Rufus Henry Gilbert’s dream of transporting people around New York was a steampunk version of Elon Musk’s “hyperloop.” A former surgeon in the Union Army decorated for performing the first operation conducted under fire, the polymath Gilbert received a patent in 1870 for his Elevated Railway that would use compressed air and steam-powered fans to move passengers in oversized pneumatic tubes that were suspended from 24-foot-high wrought-iron Gothic arches. “It looked like a giant iron Erector Set in the air,” Lubell says of Gilbert’s design, which built on the work of Alfred Ely Beach, who had experimented with an underground pneumatic railway. Passing cars on Gilbert’s elevated railway, proposed to run along Sixth Avenue from Tribeca to the Harlem River, would have triggered telegraph wires that could signal arrivals and departures along the line. When the Panic of 1873 dried up money for the project, Gilbert built a more conventional elevated railway along Sixth Avenue with steam-powered trains.
After the closing of its immigration station in 1954, Ellis Island nearly became a refuge for weary New Yorkers, not huddled masses, yearning to breathe free away from the chaos of the city. After the federal government put the island out for bid, the winning company proposed a “completely self-contained city of the future” and hired architect Frank Lloyd Wright to design it. His futuristic creation, which Lubell calls a “a cross between Middle Eastern architecture and ‘Star Wars,’” included apartments for more than 7,500 people, seven candlestick-shaped towers and surrounding domes that contained hospitals, schools, restaurants and even nightclubs. “It’s a wonderful example of Wright using his talents for a holistic plan, not just an individual building,” Lubell says. It would also be the last commission the architect ever accepted before his death in 1959.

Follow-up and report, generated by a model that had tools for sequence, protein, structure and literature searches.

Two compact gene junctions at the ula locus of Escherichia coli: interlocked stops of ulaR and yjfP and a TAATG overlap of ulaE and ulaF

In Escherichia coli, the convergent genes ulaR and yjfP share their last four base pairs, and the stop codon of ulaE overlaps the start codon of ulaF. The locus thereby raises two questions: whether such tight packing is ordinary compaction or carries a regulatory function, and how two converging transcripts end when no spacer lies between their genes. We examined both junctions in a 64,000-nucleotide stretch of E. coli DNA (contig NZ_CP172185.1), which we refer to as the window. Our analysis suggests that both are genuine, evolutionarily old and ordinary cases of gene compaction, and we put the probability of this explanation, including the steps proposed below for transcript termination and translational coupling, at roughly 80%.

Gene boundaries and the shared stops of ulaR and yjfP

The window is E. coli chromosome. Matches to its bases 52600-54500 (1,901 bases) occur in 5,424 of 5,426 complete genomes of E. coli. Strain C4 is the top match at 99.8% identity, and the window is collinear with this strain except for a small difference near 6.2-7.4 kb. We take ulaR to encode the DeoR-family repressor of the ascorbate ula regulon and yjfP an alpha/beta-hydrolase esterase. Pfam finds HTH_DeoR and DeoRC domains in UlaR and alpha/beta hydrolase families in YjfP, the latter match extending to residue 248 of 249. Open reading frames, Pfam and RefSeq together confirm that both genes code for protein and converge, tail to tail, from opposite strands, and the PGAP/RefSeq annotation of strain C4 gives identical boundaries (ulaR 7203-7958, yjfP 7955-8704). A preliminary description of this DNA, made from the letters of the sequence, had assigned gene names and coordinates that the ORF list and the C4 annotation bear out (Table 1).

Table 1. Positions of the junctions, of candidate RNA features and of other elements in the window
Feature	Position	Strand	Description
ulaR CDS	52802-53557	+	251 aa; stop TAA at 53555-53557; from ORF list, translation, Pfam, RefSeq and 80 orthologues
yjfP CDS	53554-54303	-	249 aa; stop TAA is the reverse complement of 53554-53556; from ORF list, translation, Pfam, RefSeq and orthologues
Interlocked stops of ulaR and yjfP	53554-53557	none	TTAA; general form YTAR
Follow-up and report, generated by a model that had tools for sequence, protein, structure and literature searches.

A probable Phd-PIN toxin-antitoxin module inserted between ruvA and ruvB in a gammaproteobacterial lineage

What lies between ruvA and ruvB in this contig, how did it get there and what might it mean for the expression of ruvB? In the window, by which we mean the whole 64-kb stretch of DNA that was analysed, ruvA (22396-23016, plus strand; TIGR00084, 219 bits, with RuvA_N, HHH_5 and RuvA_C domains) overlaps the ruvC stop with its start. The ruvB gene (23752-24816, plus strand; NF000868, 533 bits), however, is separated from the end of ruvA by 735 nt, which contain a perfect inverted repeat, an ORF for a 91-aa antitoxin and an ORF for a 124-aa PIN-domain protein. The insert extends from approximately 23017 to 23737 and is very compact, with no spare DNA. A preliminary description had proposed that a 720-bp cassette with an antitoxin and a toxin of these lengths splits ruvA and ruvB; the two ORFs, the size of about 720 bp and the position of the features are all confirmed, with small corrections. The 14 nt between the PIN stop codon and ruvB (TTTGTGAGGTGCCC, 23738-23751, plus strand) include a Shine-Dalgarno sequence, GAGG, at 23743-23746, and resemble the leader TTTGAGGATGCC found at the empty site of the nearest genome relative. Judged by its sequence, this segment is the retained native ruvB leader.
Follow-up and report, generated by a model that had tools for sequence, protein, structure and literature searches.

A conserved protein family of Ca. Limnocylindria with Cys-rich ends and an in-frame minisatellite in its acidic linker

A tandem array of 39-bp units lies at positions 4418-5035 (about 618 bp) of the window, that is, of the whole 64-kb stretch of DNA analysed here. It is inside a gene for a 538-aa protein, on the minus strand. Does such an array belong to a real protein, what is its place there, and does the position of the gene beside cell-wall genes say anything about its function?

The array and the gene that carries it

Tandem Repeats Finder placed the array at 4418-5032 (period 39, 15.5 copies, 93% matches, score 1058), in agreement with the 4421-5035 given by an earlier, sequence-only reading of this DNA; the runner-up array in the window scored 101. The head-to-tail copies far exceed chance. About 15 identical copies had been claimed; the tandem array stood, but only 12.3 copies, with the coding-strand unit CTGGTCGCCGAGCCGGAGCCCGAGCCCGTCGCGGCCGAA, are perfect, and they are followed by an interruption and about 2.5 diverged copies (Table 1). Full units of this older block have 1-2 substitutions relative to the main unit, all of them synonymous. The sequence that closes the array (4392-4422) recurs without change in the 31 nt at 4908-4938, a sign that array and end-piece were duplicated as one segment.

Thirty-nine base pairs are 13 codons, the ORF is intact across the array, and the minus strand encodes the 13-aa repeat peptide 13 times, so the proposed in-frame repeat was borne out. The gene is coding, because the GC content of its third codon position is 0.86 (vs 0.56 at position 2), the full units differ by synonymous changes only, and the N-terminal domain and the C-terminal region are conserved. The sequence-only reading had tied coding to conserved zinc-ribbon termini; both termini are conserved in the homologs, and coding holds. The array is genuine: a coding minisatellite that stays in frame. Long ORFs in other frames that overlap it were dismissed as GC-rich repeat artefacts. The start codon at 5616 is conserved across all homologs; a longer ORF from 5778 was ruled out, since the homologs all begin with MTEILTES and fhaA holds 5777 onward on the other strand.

National American Indian Memorial
Lady Liberty would have been joined by an equally large statue of a Native American chief on Staten Island had the National American Indian Memorial been completed as planned. Designed by sculptor Daniel Chester French and Thomas Hastings, co-architect of the New York Public Library, plans for the memorial were dominated by a proposed 165-foot-tall statue of a warrior with a bow and arrow hanging from his left hand in surrender and his right skyward in a sign of peace atop a Beaux Arts building housing a collection of Native American artifacts. “If you were going into New York Harbor you would see it before the Statue of Liberty. It was the same scale,” Lubell says. The 1913 groundbreaking of the memorial, billed as the “Eighth Wonder of the World,” was attended by President William Howard Taft who said, “No monument has a more conspicuous place in the world. at the gate of the New World and facing the old.” The project sputtered and became a casualty of World War I, and the location became the west footing of the Verrazano-Narrows Bridge.
North River Bridge